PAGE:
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Editing quotes to reflect proper speech

Discussion in 'Journalism topics only' started by mustangj17, Aug 13, 2009.

  1. mustangj17

    mustangj17 Active Member

    I know we have had this discussion before but I could not find the specific thread.

    I'm looking for some opinion's on editing this quote.

    I interviewed a restaurant manager who is a non-native speaker. He did a pretty good job of delivering some good quotes in the interview except some of them had improper grammar. I don't want him to look like an idiot. I also don't want to change the quotes. What's the ruling?

    Here is one of the things he said:

    "We try to do faster service.......

    Can I change it to "We try to have faster service" ?
     
  2. Ace

    Ace Well-Known Member

    No. If it bothers you, paraphrase.

    His version isn't confusing.
     
  3. Songbird

    Songbird Well-Known Member

    There was a soccer coach in Brattleboro named Socksy Martin, from Trinidad and Tobago. Funny guy, and fun to be around. His quotes were not grammatically correct, but we ran them.

    He'd say something to the effect, "I told she to kick the ball hard." ... It should've been "I told her to kick the ball hard."

    I felt that changing the quotes was dishonest.
     
  4. Mystery Meat II

    Mystery Meat II Well-Known Member

    Paraphrase, or if it's absolutely necessary and you know with 100 percent certainty that it was meant this way, replace the word with one in parenthesis. You can't change the words coming out of your quote's mouth, but you also want to take care not to make them look like an almighty idiot.

    We do it anyway. Unless somebody out there is running every "uh" and "um" and "ah" their subject utters. Didn't the Herald do that to Clemens for a while when he got pissed about inaccurate quoting?
     
  5. chilidog75

    chilidog75 Member

    You could always go with the "we try to (have) faster service."
    But I usually only put parenthesis in a quote if it's confusing in some way. His quote is not.

    Speaking of this, three times in my life a person has told me during an interview that so and so "just has an aroma about them."

    Anyone else ever get this mistake? And what did you do about it

    Personally, I went with "so and so just has an (aura) about them," --- because I didn't want to embarrass the people involved. And I didn't think they were really trying to say that so and so smelled. So I fixed it up for them.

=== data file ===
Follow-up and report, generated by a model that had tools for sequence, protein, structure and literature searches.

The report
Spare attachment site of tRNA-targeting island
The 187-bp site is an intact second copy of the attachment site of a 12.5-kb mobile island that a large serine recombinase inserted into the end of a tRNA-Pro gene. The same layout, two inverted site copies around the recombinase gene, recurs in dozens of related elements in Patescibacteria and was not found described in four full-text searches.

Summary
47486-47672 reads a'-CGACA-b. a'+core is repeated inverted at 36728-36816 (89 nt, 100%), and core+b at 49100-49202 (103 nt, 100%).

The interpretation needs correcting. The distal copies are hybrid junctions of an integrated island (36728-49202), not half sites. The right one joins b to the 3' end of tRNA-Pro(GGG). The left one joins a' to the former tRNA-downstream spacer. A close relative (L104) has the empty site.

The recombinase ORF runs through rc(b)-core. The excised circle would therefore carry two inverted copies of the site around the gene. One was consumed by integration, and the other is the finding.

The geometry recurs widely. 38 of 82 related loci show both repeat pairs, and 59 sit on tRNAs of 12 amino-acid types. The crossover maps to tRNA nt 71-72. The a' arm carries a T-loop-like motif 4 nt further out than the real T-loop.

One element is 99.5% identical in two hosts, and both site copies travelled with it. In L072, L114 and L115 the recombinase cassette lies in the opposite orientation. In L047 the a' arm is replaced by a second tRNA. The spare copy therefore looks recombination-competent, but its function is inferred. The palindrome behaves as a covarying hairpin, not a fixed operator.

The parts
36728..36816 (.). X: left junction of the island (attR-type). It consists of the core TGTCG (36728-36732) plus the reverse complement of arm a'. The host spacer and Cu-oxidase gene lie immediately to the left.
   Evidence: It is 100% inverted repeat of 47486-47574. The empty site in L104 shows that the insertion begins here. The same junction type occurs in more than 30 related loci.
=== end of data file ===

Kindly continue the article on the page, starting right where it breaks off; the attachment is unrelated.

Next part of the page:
6. forever_town

    forever_town Active Member

    I'd leave THAT particular quote as is, mustang.

    If there were something really grammatically wrong, I'd replace the offending word with the correct word in parentheses. Otherwise, paraphrase, paraphrase, paraphrase. And don't be a doucebag about it. :D
     
  7. SF_Express

    SF_Express Active Member

    You know, I've been in the business for 32 years now, and if all the people who come on here to say you never clean up a quote and always run it exactly word for word or paraphrase it, no exceptions, are the norm in the business, then I've never worked with any of them. And I'm talking some pretty big newspapers -- including, at one time, one of the three biggest.

    The quote in this case is fine. though. But people here, AP -- whose stated style is to not clean up quotes -- if I might say this with the greatest affection and respect: You're all full of shit. :) EVERYBODY in this business routinely cleans up little problems in quotes. The person who has never, not once, ever cleaned up even a smidgen of grammar in a quote, please introduce yourself -- but rest assured, I won't believe you for a second.
     
  8. Ace

    Ace Well-Known Member

    mustang asked for opinions on that particular quote. I wouldn't change that.

    I have tweaked others.
     
  9. lmcmillan33

    lmcmillan33 Member

    A Michigan football player after getting pounded by Ohio State this year said next year was going to be a 360. Could be, but I know he meant 180, so I replaced that in parentheses.
     
  10. golfnut8924

    golfnut8924 Guest

    I was once taught by a superior that fixing things like "ain't" is okay because you are doing the person a favor by making them look better. Also, even though it's in a quote, it can make your paper look a little silly to print the word "ain't" or something similar. So it's also making your paper look a little better because you don't have stuff like that on your page, whether it's a quote or not. Bottom line is that I doubt any athlete will ever complain about you cleaning up his grammar to make him/her look a little more intelligent.
     
  11. Joe Williams

    Joe Williams Active Member

    WFW. Give or take a smidgen cleaned up. ;D
     
  12. Football_Bat

    Football_Bat Well-Known Member

    "WHAT DO VOLUNTARY MEAN?"

    Probably the only time this decade that the AP has been shamed into running a fully accurate quote.
     
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